Hotels have for many years been turning their lobbies into interactive spaces with communal spots for working or socializing. Now they are applying that concept to their guest rooms.
The suites will have individual sleeping spaces and beds for up to four guests and shared areas for dining and entertaining. Amenities will include an apartment-size refrigerator and microwave, vintage arcade games, a streaming-ready 65-inch wall-mounted TV, and a foosball table.
Element Hotels, one of Marriott International’s brands, recently introduced Studio Commons, which has four private guest rooms with a shared kitchen and living room.
The KEX Hotel opened Nov. 7 in Portland, Oregon. The “social hotel” brand that was created in Iceland has 15 shared rooms and 14 private rooms for a capacity of 152 guests.
The hotel companies are calling these ideas the first of their kind in the hospitality industry. They are not. What these hoteliers are doing is borrowing from the hostel model that was born in Germany in 1909. It spread to the U.S. in 1934, when Americans Isabel and Monroe Smith opened a youth hostel in Northfield, Massachusetts, according to Hostelling International USA, a nonprofit member organization.
Hybrid hostel/hotels have popped up all over the U.S. in recent years. The Freehand brand, which offers shared and private rooms, has expanded to New York, Los Angeles, Miami, and Chicago. The company calls itself a “collection of hotels that combine the social culture of a hostel with innovative design, award-winning food and beverage, and a community-driven atmosphere.” Generator also offers shared and private rooms at its properties in Miami and throughout Europe. It bills them as both hostels and boutique hotels.
“Shared guest rooms are what I call glosteling, or glamorous hosteling,” said Joyce Gioia, CEO of the Herman Group, a management consultant company. “Once again, the lines are blurring.”
Blurring the lines is the traditional hotel industry’s way of fitting into the sharing economy. But don’t say that to a hotel executive.
“This is not like a hostel situation where you are sharing a room with people you don’t know,” Super 8 by Wyndham President Mike Mueller said. “This is about giving people traveling together an opportunity to spend more time together in the right environment.”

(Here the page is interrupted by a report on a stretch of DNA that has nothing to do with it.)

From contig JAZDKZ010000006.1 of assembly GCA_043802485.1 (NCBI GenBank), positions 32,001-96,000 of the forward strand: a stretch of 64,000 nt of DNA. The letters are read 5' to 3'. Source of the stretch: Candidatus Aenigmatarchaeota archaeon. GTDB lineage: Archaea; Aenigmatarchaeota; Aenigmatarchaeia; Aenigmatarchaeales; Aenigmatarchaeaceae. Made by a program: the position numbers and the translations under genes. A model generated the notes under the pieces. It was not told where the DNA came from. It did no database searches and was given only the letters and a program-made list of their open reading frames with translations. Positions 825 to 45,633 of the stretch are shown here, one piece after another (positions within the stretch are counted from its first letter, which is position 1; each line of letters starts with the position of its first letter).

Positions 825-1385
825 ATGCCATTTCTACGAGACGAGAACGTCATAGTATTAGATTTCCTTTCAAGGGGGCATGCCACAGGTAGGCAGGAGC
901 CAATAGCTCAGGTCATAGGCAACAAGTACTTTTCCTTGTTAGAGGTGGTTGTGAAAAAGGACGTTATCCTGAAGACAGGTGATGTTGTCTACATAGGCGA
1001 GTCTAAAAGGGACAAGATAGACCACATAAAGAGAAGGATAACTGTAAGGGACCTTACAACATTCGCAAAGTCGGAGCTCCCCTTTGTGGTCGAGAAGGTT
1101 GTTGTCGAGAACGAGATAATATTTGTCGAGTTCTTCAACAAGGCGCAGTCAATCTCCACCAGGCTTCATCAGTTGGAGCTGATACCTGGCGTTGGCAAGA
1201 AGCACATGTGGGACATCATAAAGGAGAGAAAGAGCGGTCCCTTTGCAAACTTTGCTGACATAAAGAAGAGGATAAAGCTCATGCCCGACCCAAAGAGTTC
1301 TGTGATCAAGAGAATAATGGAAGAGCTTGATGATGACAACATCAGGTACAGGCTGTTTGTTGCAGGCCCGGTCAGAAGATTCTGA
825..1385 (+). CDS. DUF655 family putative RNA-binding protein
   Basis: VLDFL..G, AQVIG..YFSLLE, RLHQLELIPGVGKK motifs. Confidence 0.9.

Whatever the case, it’s a clear play for millennials, those highly coveted travelers in their mid-20s to late 30s. Millennials have increasingly turned away from big box hotels in favor of unique accommodations and experiences that they can get from such companies as AirBnb and HomeAway.
“Everything we have done in the last few years has been to try to attract that next generation of traveler,” Mueller said. “We do very well with baby boomers and Gen X-ers but we have to advance this brand for the future. A lot of people out there still think Super 8 might be their grandfather’s dumpy old motel. That is a thing of the past.”
Mueller said hotel brands can offer both a unique stay and reliability.
“What they don’t do, which we do extremely well, is offer a very predictable solution for travel,” Mueller said. “You know where to check in. You know we have your credit card information and it’s safe and protected. You know that if you have an issue and need something, we will always have someone there who will respond. This is really for those who like the idea of a shared space together but don’t want the unpredictable nature of a rental.”
Hotels have increasingly gotten into the business of engineering social situations, creating what the industry calls “social lobbies” with multifunctional spaces where people can work and play. Having shared rooms is yet another way that hotels are trying to create communities of loyal customers.
“Part of that trend is moving from solo travel to social travel,” Element Hotels global brand leader Toni Stoeckl said. “It’s a shift we see with all of our brands. We’ve seen a huge trend of smaller groups traveling together … You look at lifestyle these days, where you are on your mobile device or not, people are looking for that sense of togetherness. Brands nowadays, it’s about that experience, that emotional connection.”
Will the shared room concept make these younger travelers more loyal to a particular brand? Michigan State University hospitality professor Lu Xhang thinks it’s got potential.
“It would be effective to some extent given that the communal living space is one of the reasons why millennials choose Airbnb over hotels,” she said. “It gives them the benefits of socializing and networking without having to compromise privacy, security, space, and amenities.”